Yes you did! Look at what you wrote - your post above says (and I quote): "if YOU do this you WILL be as good as Django. That is no farytail. "

For the record I do agree that the method you suggest will improve your creativity and ear, but there are still other important factors (such as innate genius) which cannot be learned through practice if one is to approach Django's greatness.
Why are you so fiscal?
I admit that the post was also "criticizable", is true, however he tried!
User avatar
emicad
Posts: 803
Joined: Tue Aug 24, 2004 6:56 am
Location: Rome - Italy
Contact:

Post by emicad »

lukejazz wrote:I feel I must once again post this very important website address: : :wink:

http://tinyurl.com/2g582
You're talkng about this? http://home.earthlink.net/~exmouse/hj/guitar.html
"page not found"
Here seems not to work
User avatar
lukejazz
Posts: 33
Joined: Sun Mar 28, 2004 5:57 am
Location: Louisiana
Contact:

Post by lukejazz »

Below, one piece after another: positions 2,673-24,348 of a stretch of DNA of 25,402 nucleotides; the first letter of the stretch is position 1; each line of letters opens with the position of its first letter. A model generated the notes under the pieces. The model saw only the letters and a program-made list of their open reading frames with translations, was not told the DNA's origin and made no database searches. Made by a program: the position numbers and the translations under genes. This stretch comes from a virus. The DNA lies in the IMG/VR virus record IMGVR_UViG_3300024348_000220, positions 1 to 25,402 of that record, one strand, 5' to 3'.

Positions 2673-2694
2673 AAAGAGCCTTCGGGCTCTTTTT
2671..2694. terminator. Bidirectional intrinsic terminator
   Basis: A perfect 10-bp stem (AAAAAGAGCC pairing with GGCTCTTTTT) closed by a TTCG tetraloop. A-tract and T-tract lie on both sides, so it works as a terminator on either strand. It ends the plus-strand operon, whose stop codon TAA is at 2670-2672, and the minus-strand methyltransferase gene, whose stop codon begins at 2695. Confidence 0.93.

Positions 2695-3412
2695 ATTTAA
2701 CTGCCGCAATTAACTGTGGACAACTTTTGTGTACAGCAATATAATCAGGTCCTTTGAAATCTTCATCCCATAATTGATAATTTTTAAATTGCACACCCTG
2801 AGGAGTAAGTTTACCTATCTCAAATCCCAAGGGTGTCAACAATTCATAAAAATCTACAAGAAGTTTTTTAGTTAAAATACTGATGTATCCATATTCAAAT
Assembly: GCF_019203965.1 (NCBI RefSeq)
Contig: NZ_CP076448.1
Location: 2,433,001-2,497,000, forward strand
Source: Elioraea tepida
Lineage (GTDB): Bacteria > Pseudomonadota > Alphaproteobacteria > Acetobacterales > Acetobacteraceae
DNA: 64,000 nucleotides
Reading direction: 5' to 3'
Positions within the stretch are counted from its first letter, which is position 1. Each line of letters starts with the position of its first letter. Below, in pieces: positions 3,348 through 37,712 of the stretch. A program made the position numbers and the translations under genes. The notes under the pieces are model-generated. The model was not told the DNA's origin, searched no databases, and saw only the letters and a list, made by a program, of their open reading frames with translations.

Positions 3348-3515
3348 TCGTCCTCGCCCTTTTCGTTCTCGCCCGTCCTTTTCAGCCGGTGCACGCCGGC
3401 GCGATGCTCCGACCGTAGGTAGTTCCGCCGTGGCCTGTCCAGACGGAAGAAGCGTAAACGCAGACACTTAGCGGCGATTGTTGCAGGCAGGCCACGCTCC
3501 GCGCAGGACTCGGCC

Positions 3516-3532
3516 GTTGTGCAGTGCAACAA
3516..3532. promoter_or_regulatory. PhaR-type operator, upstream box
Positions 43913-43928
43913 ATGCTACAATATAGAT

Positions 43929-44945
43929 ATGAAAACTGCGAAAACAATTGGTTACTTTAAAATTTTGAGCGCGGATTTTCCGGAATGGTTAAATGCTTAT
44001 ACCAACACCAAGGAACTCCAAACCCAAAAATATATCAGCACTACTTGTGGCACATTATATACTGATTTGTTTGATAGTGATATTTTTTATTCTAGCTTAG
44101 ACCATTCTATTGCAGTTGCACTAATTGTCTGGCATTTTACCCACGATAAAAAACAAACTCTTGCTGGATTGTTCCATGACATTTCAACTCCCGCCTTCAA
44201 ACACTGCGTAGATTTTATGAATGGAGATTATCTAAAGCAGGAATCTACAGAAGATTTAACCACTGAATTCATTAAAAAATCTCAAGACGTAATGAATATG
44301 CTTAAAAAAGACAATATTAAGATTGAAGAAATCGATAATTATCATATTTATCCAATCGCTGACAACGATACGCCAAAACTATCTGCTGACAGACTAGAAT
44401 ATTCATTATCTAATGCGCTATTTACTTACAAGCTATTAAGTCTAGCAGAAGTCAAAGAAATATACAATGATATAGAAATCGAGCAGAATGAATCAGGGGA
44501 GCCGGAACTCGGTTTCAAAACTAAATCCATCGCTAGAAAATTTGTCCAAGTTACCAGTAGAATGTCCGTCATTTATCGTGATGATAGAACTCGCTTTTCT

Looks like that link died - sorry. It really was pretty darn funny. Wish I'd had copied the page content.
User avatar
Swing This!
Posts: 364
Joined: Fri Feb 21, 2003 2:43 pm
Location: Portland, Oregon

Post by Swing This! »

"Talent hits a target no one else can hit, Genius hits a target no one else can see!" A. Schaupenauer 8)
cgratham
Posts: 3
Joined: Wed Jun 22, 2005 5:19 am
Location: North Vancouver, BC

Post by cgratham »

Teddy Dupont wrote:[Genius is something is something you are born with. You need to assiduously develop it but you cannot practice to became a genius.
I would tend to agree with you Teddy, but this article from Scientific American suggests that that experts are made, not born. http://www.sciam.com/article.cfm?articl ... sc=I100322

Perhaps its just splitting hairs regarding the difference between genius and expert.

Chris
User avatar
Ganondorf
Posts: 200
Joined: Thu Mar 23, 2006 8:02 pm
Contact:

Post by Ganondorf »

so then velvet goldmine,if you say that this technique works, surely you yourself by now must have an amazing ear and have endless ideas travel through your fingers onto your fingerboard with superb clarity! :wink:

p.s might want to take a look at this link aswell;

http://academic.cuesta.edu/acasupp/as/801.htm
wirralgitane
Posts: 66
Joined: Fri Mar 16, 2007 11:25 pm

Post by wirralgitane »